First, if your heater is not properly installed, you may not get the heating capacity you need. Any type of heating system, from furnaces to heat pumps and even boilers, must be of a certain size according to the number of people in a home, the amount of windows you have, any insulation in the home, and many other factors as well. If it is not properly sized, it will take too long to heat the home, or it will heat it up too quickly. When a heater is too small, it will have to run for much longer, taking up your energy bills and wearing down parts. A system that is too small will frequently start and stop, which could also take its toll on the motor.

Furthermore, you want to choose a technician who knows the proper procedures for reasons of safety. With a furnace, you run the risk of carbon monoxide poisoning or gas leaks. A trained technician will fully inspect the system after installation to ensure not only proper operation but also the most secure system possible.

A heating professional can also offer you additional features during installation, such as zone control or a new thermostat. If you get zone control for your home during installation, you can adjust the temperature in different areas of the home separately, to keep everyone more comfortable wherever they are in the house. A new programmable thermostat may be more accurate than your older one and can save you a lot of money through the years.

Contact the friendly professionals at Cal-West Air Conditioning to find out about our heating services in San Diego. Give us a call today!

Will Thanksgiving Turkey Really Make You Sleepy?

November 26th, 2014

We’ve all heard it before: you feel so sleepy after a Thanksgiving meal because of the main event: the turkey. For years, people have credited extraordinary levels of tryptophan in turkey as the reason we all feel the need to nap after the annual feast. But contrary to this popular mythology, tryptophan is probably not he largest responsible party for your post-meal exhaustion.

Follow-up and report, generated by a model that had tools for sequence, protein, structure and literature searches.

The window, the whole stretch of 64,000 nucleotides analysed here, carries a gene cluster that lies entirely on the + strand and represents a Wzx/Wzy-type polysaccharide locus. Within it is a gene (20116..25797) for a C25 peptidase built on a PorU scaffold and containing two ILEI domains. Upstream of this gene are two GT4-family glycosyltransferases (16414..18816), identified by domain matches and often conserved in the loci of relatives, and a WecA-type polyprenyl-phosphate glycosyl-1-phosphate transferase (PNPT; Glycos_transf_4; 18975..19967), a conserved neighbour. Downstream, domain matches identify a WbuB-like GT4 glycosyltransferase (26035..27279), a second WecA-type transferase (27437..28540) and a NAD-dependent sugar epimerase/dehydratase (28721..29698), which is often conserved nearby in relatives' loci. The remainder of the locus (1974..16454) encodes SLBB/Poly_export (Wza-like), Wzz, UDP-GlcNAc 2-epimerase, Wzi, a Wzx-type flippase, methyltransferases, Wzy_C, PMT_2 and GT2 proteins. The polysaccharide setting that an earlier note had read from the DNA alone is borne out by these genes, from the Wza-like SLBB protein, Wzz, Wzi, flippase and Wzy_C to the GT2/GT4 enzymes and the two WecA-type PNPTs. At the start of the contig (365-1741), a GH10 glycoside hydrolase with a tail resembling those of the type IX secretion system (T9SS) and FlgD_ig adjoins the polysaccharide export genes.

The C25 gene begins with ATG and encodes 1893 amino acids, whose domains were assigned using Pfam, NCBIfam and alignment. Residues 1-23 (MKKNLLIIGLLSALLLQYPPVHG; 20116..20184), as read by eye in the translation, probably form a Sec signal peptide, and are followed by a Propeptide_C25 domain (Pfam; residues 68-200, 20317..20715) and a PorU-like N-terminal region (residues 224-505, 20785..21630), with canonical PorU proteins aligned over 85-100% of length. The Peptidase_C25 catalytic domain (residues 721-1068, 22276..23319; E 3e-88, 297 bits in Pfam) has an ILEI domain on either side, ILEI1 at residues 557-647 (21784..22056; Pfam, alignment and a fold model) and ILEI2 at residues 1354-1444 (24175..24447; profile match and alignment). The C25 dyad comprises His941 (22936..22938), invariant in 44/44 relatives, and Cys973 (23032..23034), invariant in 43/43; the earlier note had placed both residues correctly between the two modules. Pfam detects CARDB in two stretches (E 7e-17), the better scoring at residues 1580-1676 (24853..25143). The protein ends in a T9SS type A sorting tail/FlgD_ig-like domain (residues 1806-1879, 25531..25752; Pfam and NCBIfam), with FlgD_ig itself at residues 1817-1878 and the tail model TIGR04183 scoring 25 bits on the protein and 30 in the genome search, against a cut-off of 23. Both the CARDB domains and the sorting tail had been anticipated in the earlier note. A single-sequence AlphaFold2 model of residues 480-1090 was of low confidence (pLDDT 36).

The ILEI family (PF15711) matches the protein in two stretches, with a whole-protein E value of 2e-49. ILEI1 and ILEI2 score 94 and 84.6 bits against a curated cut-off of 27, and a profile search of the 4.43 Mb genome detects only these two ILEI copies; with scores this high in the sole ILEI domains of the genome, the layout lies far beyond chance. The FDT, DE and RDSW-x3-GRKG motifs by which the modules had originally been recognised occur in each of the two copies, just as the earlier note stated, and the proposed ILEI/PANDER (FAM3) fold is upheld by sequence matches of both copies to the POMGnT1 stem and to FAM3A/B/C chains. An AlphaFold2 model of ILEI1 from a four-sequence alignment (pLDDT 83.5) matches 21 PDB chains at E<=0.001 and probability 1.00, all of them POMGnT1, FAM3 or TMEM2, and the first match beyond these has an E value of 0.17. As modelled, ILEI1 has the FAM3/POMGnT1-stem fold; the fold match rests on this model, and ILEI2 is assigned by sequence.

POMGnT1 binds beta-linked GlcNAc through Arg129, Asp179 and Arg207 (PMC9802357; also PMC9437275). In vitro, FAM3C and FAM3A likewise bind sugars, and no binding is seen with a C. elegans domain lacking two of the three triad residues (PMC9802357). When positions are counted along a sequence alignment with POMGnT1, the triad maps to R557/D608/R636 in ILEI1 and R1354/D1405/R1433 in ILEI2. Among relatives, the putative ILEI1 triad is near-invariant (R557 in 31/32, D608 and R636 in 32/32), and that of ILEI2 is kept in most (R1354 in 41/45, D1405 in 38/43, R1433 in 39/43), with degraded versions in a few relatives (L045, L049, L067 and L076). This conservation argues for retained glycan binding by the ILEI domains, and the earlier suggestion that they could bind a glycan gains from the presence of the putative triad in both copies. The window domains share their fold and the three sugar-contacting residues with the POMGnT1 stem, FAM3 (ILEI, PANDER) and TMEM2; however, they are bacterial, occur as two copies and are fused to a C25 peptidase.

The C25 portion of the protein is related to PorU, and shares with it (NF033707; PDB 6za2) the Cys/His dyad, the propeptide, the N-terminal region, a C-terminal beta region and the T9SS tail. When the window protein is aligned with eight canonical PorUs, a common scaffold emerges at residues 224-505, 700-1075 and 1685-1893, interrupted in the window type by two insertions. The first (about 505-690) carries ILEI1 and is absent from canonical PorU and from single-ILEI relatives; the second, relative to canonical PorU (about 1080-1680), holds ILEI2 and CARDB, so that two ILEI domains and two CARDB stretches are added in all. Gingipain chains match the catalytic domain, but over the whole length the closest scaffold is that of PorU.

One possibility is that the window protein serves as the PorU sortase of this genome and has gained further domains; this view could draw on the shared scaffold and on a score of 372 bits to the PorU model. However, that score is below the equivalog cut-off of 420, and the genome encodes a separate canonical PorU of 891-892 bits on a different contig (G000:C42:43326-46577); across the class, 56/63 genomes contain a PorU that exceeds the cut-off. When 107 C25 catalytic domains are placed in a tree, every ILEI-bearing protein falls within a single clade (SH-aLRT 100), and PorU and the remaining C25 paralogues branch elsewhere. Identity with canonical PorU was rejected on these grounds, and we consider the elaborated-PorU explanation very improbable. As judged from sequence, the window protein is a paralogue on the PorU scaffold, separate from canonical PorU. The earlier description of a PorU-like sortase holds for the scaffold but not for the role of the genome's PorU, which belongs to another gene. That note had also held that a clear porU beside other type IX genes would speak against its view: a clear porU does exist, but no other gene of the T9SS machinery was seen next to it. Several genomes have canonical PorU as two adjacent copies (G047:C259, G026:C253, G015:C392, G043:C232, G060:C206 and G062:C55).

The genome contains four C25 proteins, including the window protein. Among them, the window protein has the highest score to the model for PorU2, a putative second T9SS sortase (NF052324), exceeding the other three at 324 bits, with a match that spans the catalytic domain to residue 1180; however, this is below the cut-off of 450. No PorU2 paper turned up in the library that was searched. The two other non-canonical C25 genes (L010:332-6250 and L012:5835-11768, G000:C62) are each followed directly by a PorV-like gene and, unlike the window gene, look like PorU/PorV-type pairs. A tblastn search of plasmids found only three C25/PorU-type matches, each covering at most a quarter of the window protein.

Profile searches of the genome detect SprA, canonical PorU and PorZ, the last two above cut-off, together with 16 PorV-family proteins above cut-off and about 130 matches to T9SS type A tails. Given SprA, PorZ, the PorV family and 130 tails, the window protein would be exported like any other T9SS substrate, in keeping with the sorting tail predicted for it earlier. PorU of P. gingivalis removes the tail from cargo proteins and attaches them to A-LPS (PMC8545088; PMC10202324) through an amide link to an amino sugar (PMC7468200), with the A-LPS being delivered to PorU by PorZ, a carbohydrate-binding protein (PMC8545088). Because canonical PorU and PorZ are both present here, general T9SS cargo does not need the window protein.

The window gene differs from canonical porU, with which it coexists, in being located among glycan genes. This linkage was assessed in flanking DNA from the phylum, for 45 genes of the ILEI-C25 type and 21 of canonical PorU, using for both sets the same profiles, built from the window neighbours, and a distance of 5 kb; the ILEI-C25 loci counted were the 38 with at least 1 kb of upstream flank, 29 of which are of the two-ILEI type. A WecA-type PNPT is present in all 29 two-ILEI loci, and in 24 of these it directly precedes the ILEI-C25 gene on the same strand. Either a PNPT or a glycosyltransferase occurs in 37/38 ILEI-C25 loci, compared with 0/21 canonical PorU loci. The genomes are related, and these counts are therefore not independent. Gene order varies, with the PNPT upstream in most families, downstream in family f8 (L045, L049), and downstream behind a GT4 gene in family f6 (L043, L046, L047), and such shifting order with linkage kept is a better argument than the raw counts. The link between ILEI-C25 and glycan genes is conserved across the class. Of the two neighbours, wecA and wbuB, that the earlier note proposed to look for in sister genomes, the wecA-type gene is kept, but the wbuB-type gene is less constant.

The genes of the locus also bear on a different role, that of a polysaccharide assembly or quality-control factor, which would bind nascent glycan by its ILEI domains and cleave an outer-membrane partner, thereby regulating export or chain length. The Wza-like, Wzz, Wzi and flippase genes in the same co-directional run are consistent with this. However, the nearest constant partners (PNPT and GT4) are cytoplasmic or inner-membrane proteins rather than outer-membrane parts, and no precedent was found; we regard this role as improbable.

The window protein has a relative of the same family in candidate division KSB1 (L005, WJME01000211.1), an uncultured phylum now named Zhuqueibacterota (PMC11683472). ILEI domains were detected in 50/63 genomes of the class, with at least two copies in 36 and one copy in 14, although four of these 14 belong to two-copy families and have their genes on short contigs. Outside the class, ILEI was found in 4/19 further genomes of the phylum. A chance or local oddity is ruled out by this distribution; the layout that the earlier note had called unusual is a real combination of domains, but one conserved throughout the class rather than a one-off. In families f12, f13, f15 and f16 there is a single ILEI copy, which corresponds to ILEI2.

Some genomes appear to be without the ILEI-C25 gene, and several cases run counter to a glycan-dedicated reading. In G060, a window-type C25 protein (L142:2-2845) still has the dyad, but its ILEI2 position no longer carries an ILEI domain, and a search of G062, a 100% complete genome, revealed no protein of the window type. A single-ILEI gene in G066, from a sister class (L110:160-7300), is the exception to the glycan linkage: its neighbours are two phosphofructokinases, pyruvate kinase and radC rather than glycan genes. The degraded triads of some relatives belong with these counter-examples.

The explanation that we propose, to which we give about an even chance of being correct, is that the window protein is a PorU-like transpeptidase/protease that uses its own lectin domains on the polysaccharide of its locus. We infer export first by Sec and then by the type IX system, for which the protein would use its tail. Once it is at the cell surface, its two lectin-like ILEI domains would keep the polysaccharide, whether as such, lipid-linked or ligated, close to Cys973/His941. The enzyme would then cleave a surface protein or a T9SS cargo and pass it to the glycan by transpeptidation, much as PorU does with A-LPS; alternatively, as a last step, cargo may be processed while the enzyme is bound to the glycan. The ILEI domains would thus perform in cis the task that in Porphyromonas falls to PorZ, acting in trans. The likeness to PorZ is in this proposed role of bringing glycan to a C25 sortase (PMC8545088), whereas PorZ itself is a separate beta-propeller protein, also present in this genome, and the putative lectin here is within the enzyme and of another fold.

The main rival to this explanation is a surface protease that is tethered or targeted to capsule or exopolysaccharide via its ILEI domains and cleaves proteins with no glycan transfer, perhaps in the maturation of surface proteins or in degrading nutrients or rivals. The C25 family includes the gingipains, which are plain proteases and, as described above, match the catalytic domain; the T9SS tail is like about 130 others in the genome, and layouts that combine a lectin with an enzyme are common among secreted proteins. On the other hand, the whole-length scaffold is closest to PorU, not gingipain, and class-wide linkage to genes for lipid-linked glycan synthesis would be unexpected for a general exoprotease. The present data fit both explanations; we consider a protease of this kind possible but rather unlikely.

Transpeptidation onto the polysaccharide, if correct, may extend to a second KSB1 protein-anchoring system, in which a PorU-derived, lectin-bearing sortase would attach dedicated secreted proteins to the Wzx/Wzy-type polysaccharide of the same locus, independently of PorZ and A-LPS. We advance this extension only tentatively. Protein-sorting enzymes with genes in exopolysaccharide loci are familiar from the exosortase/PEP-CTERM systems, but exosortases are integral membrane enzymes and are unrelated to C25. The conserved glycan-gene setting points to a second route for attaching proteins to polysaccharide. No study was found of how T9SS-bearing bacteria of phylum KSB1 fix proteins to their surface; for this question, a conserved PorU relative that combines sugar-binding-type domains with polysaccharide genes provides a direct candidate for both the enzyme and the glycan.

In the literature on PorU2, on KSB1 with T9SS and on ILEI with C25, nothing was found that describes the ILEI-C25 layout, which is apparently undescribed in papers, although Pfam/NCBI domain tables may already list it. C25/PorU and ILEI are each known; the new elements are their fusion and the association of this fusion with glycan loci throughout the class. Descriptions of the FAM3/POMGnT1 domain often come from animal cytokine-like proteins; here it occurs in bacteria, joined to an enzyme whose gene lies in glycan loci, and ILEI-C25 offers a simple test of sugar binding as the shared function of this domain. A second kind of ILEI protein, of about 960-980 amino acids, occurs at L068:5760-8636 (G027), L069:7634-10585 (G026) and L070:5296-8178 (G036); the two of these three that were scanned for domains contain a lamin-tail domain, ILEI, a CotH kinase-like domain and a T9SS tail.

Tryptophan is an essential amino acid, which means it’s something that our bodies need but do not produce naturally. Your body uses tryptophan to help make vitamin B3 and serotonin, which is a neurotransmitter that sends chemicals to the brain to aid in sleep. But in order to get this essential amino acid, we have to eat foods that contain it.

Turkey has somewhat high levels of tryptophan, but so do many other foods, including eggs, peanuts, chocolate, nuts, bananas, and most other meats and dairy products. In fact, ounce-for-ounce cheddar cheese contains a greater amount of tryptophan than turkey. In order for tryptophan to make you feel sleepy, you would have to consume it in excessive amounts, and serotonin is usually only produced by tryptophan on an empty stomach.

The truth is, overeating is largely responsible for the “food coma” many people describe post-Thanksgiving. It takes a lot of energy for your body to process a large meal, and the average Thanksgiving plate contains about twice as many calories as is recommended for daily consumption. If anything, high levels of fat in the turkey cause sleepiness, as they require a lot of energy for your body to digest. Lots of carbohydrates, alcohol, and probably a bit of stress may also be some of the reasons it feels so satisfying to lay down on the couch after the meal and finally get a little bit of shut-eye.

If you feel the need to indulge in a heaping dose of tryptophan this year, go ahead! Turkey also contains healthy proteins and may even provide a boost for your immune system. Here at Cal-West Air Conditioning, we hope your Thanksgiving is full of joy and contentment this year. Happy feasting!